Manchin: We're 'on the verge' of a constitutional crisis due to Sessions's firing

Sen. Joe ManchinJoseph (Joe) ManchinDemocrats Manchin, Jones signal they're undecided on Trump removal vote Schiff sparks blowback with head on a 'pike' line Schiff closes Dems' impeachment arguments with emotional appeal to remove Trump MORE (D-W.Va.) said Thursday that the U.S. is on the "verge" of a constitutional crisis because of the forced resignation of Attorney General Jeff SessionsJefferson (Jeff) Beauregard SessionsLawmaker wants Chinese news outlet to register as foreign agent Trump-aligned group launches ad campaign hitting Doug Jones on impeachment ICE subpoenas Denver law enforcement: report MORE

"I think it’s a big mistake to let Sessions go," Manchin, who was the only Democratic senator to vote to confirm the former attorney general, said on "CBS This Morning."

Manchin pointed to the potential ramifications Sessions's ouster could have on special counsel Robert MuellerRobert (Bob) Swan MuellerSchiff: Trump acquittal in Senate trial would not signal a 'failure' Jeffries blasts Trump for attack on Thunberg at impeachment hearing Live coverage: House Judiciary to vote on impeachment after surprise delay MORE's investigation into Russia's election interference to back up his claim. 

His comments came just a day after Sessions formally resigned from his role at the Department of Justice at President TrumpDonald John TrumpKaine: Obama called Trump a 'fascist' during 2016 campaign Kaine: GOP senators should 'at least' treat Trump trial with seriousness of traffic court Louise Linton, wife of Mnuchin, deletes Instagram post in support of Greta Thunberg MORE's request. Trump announced on Twitter on Wednesday that Matthew Whitaker, Sessions's chief of staff, will serve as acting attorney general.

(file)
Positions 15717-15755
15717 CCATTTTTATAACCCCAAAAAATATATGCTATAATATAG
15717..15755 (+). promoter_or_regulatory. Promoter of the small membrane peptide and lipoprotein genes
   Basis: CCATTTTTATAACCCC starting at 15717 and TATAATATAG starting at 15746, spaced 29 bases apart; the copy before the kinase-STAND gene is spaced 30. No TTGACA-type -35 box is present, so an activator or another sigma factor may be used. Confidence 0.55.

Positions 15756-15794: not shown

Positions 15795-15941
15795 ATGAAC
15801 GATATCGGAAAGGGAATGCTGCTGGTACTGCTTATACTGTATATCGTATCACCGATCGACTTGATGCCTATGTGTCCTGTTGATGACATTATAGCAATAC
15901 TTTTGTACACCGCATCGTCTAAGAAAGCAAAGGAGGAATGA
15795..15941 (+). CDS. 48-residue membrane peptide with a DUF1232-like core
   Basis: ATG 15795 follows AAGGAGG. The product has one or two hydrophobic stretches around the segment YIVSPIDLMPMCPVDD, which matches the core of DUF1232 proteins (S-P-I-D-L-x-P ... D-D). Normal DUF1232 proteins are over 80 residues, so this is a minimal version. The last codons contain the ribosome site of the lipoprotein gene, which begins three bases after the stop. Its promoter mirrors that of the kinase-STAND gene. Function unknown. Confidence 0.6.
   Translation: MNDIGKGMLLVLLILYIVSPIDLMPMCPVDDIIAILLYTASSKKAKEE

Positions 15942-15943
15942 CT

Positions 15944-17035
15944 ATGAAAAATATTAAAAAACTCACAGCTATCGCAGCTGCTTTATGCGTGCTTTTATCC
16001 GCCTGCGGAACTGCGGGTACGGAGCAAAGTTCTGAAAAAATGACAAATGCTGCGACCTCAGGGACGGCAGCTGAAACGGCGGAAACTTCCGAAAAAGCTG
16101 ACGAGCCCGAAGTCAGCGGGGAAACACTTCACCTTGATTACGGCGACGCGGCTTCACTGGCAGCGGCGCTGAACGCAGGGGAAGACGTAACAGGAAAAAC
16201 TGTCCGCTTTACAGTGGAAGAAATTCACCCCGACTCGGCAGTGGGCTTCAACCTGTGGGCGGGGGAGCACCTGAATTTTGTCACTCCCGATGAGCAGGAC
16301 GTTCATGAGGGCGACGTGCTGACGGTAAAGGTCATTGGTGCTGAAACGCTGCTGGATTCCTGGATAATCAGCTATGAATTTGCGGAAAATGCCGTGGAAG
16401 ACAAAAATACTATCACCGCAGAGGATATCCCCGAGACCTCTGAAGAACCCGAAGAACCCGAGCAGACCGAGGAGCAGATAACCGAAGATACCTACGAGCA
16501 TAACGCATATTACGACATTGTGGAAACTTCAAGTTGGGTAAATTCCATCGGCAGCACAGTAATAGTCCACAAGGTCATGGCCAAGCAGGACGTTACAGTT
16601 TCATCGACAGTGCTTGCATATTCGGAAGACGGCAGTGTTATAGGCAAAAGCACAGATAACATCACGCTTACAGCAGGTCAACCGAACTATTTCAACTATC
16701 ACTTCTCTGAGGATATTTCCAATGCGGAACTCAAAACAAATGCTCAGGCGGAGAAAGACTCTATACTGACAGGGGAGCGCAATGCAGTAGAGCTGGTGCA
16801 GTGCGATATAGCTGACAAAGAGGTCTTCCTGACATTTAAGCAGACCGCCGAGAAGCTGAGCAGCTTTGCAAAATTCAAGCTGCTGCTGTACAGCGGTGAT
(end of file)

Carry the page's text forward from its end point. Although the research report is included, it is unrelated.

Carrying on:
ADVERTISEMENT

Whitaker, who has publicly criticized certain elements of the Mueller investigation, will now oversee it.

Deputy Attorney General Rod RosensteinRod RosensteinRosenstein says he authorized release of Strzok-Page texts Journalist alleging Obama administration spied on her seeks to reopen case Rosenstein on his time in Trump administration: 'We got all the big issues right' MORE had been overseeing the probe since Sessions recused himself in early 2017. 

Democratic lawmakers, including Manchin, have criticized Whitaker's oversight of the Mueller probe.

"What raises my concerns is a person that's been so vocal against the investigation that was going on is [put] in charge a day after the [midterm] election," Manchin told CBS. "I think that gives concern to every senator, Democrat and Republican. We are a country — the rule of law is everything.

"Looking like it's been tilted one way or the other is wrong."

Trump has repeatedly called the Russia investigation a "witch hunt," and on Wednesday said that he could fire everyone in Mueller's office if he wanted. He said he would not take that step for political reasons, however.